Photos: BIOS 110th Anniversary Gala Celebration

November 13, 2012 | 13 Comments

The Bermuda Institute of Ocean Sciences [BIOS] held its Gala Celebration on Friday [Nov 9] at the Fairmont Hamilton Princess hotel, with the occasion serving to formally welcome Bill Curry as President and Director to the community and to celebrate BIOS’s 110th anniversary.

The black-tie celebration, which both Premier Paula Cox and Opposition Leader Craig Cannonier attended, was hosted by Mr. Brian Duperreault, Chairman, and the Board of Trustees of BIOS.

Mr. Duperreault remarked that, “We’re simultaneously welcoming Bill Curry– an internationally-recognized scientist–as our new leader and celebrating 110 years of excellence in ocean science research and education. BIOS stands at an exciting new threshold and I’m gratified to see so many friends in Bermuda affirm their interest and support.”

The evening’s highlight was guest speaker, Dr. Sylvia Earle, a National Geographic Explorer-in-Residence and visionary leader in marine exploration. A longtime friend and supporter of BIOS, Dr. Earle commented on the history and importance of science-based local andregional conservation initiatives [including Bermuda Blue Halo and the Sargasso Sea Alliance] and her hopes for the future of ocean research and protection.

Photos by Akari, click to enlarge:

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  1. Video: BIOS Celebrates 110 Years Of Existence | Bernews.com | November 18, 2012
  1. 1 For the Road says:

    Glad Phil made the quota of 1

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    • Claudio says:

      How many people that look like Phil that you know are heavily interested and invested in Ocean Sciences?

      Think before you make assinine comments.

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    • Observer says:

      Did you even READ the article or did you just scan through for faces just so you could make that stupid comment?

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    • Legal Reasons? says:

      "which both Premier Paula Cox and Opposition Leader Craig Cannonier attended"

      @1 For the Road,
      reading is not your forte, is it?

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    • akari says:

      It might be worth noting that not of those that attended (some 300?) were captured - and only a handful of the photographs that were taken are actually on display here.

      e.g.

      Cannonier:
      http://sphotos-e.ak.fbcdn.net/hphotos-ak-snc7/483129_248481361944636_141213590_n.jpg

      Cox:
      http://sphotos-h.ak.fbcdn.net/hphotos-ak-snc7/311315_248481195277986_1498128253_n.jpg

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  2. Mario says:

    Actually and sadly the photos are a true reflection of the diversity (OR LACK THEREOF) at this institution. There are many people of colour who are interested in ocean sciences but became very discouraged at the closed,gated and well-guarded community at Biostation. These guys are taking full advantage of the location, and duty exemptions.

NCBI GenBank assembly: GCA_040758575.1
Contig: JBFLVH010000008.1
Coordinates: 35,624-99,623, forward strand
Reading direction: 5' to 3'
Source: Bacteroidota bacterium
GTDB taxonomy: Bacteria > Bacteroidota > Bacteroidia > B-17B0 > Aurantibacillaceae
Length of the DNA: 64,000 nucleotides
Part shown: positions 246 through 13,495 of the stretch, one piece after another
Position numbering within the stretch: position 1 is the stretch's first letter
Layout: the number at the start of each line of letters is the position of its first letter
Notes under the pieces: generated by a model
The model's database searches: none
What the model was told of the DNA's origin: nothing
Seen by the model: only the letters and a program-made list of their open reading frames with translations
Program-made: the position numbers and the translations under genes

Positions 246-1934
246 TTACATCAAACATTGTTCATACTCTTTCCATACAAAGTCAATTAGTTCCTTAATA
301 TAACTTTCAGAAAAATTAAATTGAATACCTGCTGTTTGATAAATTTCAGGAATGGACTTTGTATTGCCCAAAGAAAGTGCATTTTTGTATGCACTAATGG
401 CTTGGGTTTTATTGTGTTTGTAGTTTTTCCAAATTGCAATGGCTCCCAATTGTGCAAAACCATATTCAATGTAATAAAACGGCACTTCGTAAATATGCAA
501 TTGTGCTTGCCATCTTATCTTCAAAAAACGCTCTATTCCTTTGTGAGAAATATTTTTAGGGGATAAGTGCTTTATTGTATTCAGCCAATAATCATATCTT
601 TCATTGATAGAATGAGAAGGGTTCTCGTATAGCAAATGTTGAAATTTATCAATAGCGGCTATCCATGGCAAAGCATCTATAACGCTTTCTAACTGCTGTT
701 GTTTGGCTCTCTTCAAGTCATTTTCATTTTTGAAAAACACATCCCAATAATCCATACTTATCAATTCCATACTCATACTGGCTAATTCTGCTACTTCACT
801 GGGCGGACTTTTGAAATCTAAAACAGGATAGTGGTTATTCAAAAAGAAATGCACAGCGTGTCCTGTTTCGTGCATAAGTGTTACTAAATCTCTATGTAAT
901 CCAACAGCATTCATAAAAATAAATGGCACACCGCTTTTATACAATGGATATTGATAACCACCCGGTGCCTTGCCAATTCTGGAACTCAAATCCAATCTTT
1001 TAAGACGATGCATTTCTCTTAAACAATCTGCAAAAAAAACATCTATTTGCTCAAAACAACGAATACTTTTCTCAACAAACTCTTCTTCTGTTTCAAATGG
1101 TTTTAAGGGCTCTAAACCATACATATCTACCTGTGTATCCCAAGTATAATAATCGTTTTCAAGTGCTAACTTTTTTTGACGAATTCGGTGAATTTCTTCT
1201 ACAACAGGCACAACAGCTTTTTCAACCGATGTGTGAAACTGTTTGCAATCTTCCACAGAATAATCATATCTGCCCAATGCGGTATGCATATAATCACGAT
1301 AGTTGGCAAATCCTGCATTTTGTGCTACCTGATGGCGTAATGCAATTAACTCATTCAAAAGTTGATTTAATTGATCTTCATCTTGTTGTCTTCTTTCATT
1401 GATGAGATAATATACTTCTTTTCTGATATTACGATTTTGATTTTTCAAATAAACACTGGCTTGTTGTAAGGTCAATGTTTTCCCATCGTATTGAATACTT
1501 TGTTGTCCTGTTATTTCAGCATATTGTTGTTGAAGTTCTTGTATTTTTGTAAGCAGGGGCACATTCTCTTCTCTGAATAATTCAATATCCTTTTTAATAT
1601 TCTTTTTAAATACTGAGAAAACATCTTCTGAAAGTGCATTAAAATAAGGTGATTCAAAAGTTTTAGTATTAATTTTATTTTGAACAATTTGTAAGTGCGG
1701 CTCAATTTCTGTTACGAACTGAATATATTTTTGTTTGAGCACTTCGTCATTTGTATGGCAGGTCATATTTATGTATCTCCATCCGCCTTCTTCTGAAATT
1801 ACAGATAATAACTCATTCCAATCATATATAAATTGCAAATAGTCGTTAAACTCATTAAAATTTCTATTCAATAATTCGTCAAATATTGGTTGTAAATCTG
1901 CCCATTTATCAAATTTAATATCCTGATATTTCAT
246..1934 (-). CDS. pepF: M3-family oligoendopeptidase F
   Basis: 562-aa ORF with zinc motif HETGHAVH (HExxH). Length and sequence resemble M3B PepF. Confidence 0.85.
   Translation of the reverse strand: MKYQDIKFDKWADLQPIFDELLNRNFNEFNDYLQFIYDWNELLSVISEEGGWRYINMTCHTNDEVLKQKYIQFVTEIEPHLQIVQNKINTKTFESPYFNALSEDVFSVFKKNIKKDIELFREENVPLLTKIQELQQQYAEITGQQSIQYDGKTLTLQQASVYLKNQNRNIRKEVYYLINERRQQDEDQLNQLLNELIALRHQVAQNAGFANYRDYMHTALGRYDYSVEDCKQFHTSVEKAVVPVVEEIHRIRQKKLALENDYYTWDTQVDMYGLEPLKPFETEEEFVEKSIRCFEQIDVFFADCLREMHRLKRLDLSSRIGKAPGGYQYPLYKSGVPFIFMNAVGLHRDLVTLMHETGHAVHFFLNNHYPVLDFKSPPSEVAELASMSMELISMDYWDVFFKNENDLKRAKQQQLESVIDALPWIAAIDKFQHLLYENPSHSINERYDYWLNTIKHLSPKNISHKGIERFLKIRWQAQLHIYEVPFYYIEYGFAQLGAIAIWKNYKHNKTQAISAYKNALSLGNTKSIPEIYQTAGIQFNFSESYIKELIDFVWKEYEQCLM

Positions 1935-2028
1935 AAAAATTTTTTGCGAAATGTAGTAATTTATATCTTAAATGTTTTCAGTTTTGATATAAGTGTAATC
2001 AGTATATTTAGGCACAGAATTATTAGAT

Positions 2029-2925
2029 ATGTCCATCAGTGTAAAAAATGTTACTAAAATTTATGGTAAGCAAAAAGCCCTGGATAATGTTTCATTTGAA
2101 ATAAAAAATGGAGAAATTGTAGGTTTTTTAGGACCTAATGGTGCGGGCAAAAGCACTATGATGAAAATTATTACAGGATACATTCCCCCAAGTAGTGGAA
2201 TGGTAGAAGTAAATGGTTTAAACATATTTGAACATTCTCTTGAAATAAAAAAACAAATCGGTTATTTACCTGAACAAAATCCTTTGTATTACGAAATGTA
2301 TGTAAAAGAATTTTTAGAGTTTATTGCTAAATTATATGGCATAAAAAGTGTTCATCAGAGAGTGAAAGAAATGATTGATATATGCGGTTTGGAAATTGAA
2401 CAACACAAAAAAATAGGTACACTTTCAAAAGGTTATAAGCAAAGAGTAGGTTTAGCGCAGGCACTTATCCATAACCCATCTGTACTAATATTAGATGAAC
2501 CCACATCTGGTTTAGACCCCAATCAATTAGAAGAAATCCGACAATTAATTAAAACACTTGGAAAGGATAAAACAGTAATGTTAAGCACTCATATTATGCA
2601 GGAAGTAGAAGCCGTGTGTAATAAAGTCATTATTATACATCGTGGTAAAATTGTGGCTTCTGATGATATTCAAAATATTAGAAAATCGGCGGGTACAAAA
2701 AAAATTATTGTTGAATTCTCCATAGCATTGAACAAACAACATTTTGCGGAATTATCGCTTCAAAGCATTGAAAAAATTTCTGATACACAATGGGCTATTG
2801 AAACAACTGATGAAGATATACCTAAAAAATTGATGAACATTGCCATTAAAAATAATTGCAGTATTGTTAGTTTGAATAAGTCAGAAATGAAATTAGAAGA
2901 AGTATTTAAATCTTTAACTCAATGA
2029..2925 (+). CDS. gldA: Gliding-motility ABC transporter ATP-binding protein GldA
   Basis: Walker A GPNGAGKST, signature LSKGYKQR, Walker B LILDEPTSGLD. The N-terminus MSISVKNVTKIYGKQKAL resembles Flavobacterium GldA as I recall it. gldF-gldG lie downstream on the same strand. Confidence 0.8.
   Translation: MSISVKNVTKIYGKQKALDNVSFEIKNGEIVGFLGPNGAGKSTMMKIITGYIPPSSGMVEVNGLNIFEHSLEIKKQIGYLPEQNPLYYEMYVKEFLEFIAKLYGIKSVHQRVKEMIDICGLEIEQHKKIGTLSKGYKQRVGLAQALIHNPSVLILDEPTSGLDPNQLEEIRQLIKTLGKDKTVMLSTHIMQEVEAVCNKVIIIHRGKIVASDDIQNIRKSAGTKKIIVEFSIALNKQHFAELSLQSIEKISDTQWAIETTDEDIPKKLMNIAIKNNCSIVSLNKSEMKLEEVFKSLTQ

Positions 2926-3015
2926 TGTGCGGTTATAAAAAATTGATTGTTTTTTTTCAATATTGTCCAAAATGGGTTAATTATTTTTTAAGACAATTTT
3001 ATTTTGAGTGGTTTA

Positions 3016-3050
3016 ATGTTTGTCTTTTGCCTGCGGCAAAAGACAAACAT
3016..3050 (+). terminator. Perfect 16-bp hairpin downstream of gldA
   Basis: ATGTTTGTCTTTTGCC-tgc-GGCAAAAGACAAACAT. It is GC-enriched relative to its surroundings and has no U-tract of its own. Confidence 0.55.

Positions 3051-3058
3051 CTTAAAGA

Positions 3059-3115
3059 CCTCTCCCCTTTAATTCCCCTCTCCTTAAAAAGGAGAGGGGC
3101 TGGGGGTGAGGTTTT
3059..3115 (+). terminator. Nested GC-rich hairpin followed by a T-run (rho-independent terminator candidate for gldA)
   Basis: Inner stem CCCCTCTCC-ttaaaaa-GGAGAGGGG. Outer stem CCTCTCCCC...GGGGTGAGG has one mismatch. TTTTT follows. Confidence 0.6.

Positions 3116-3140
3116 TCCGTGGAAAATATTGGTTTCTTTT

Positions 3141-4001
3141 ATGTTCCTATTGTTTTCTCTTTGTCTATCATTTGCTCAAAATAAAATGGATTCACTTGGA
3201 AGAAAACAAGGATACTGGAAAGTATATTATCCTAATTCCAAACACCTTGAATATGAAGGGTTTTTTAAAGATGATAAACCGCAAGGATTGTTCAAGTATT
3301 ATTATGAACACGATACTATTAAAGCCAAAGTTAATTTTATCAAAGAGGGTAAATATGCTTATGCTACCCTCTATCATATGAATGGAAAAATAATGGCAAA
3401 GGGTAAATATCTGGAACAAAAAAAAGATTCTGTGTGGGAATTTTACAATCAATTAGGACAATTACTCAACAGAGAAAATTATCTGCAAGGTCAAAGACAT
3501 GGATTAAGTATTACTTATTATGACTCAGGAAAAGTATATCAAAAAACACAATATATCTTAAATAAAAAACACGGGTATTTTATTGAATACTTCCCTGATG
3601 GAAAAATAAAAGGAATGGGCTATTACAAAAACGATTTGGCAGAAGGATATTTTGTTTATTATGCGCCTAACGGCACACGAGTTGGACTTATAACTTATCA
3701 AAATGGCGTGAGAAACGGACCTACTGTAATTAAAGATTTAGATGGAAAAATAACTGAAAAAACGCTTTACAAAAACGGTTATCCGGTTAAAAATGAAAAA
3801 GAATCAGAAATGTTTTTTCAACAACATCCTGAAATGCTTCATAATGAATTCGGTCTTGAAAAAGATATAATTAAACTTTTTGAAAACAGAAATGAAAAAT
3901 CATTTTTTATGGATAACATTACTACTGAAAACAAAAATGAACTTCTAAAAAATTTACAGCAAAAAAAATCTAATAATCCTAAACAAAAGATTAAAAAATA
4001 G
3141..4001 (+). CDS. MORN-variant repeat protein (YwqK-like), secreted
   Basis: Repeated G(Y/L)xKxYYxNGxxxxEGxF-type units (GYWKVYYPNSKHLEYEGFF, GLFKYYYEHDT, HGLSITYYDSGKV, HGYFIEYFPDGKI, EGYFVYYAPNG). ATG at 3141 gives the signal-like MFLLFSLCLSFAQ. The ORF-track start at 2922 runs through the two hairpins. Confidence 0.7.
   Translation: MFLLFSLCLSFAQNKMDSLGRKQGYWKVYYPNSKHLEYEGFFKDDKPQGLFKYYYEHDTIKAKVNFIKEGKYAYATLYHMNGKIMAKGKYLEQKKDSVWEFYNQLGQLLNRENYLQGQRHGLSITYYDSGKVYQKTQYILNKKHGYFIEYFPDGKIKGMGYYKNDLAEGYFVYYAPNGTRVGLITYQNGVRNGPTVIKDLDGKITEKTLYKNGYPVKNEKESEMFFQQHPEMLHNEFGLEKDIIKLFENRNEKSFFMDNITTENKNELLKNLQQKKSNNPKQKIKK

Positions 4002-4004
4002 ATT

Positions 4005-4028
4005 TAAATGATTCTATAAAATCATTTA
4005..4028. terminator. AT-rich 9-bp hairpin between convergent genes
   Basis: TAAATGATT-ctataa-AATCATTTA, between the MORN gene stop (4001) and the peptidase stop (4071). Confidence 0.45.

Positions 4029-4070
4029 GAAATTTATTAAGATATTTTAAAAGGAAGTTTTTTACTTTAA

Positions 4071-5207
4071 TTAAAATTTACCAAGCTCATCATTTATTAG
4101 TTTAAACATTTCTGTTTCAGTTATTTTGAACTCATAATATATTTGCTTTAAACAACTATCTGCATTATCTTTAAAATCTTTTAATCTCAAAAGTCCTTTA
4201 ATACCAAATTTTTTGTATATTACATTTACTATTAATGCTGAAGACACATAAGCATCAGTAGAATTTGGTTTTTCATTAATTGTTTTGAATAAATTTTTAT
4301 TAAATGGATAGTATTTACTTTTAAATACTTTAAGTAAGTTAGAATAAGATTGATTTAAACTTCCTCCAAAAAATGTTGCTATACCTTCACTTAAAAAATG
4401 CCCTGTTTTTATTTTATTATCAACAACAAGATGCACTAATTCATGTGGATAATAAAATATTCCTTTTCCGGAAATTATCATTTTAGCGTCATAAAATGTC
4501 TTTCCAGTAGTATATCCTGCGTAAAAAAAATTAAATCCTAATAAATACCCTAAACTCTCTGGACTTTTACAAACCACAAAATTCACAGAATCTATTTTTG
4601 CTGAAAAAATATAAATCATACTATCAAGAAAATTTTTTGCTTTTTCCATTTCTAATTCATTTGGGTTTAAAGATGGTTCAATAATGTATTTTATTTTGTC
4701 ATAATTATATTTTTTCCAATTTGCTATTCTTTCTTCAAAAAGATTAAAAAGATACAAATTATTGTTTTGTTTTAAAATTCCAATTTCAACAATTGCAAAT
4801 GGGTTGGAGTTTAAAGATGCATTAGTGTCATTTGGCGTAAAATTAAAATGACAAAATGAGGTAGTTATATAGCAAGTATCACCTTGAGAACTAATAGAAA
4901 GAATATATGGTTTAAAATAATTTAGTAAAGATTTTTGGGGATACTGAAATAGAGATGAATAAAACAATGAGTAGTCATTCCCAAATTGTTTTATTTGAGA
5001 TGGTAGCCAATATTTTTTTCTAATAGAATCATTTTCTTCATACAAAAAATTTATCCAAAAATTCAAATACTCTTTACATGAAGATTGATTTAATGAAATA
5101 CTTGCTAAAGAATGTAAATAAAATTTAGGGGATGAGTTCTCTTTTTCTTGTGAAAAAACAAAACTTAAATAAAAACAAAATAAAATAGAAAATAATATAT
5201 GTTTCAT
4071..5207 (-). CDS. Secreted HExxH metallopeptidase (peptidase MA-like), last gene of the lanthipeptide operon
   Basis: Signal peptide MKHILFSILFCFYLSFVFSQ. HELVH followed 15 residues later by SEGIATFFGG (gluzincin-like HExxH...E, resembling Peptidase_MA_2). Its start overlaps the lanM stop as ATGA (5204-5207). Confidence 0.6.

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    • Zombie Apocalypse says:

      "Actually and sadly the photos are a true reflection of the diversity (OR LACK THEREOF) at this institution".

      Are you talking about the PLP Annual Dinner last weekend?

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    • mariosayswhat?! says:

      closed? gated? and well-guarded? i've been down there a few times for free wednesday tours and never seen any such thing. its actually pretty open, inviting, and welcoming. there is also a diverse community employed there. open your eyes, knucklehead.

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    • Come Correct says:

      I think you missed the turning buddy, its the one with the sign that says BIOS, not the green place with all the prison officers.

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  3. Axxperts.... says:

    Dr. Earle made an excellent speech including references to the commercial opportunities for Bermuda with respect to ocean sciences, unfortunately Premier Cox had dozed off during that part of the speech.

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  4. pwndwg says:

    Amazing how many people give the Biostation a hard time. We should be so proud of that place and what it has down for BDA and the world over 110 years. It seems to me that most of the Bermudian scientists leave very quickly simply because they can get paid twice as much in the BDA Govt and not have the pressure of having to publish peer reviewed papers or compete for grant money. I know lots of people who have worked there and it is one of the most progressive and inclusive places in Bermuda. It is also one of the largest employers in St. Davids and St. Georges. The Biostation educates almost every Bermudian child about science and our environment in high powered programs that make others look like play school. they even teach our teachers how to teach science. They also monitor Belco, the dumps, incinerator, sewage outfalls, reefs, sea grass, mangroves. And I have it on good authority that the Govt pays for a fraction of the cost!

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    • smyles says:

      They pay their white expats more, provide them with very low rent housing. They are treated far better than ANY Bermudian. Bermudians would stay if they were treated any where near as well as some of their (white) upper management.

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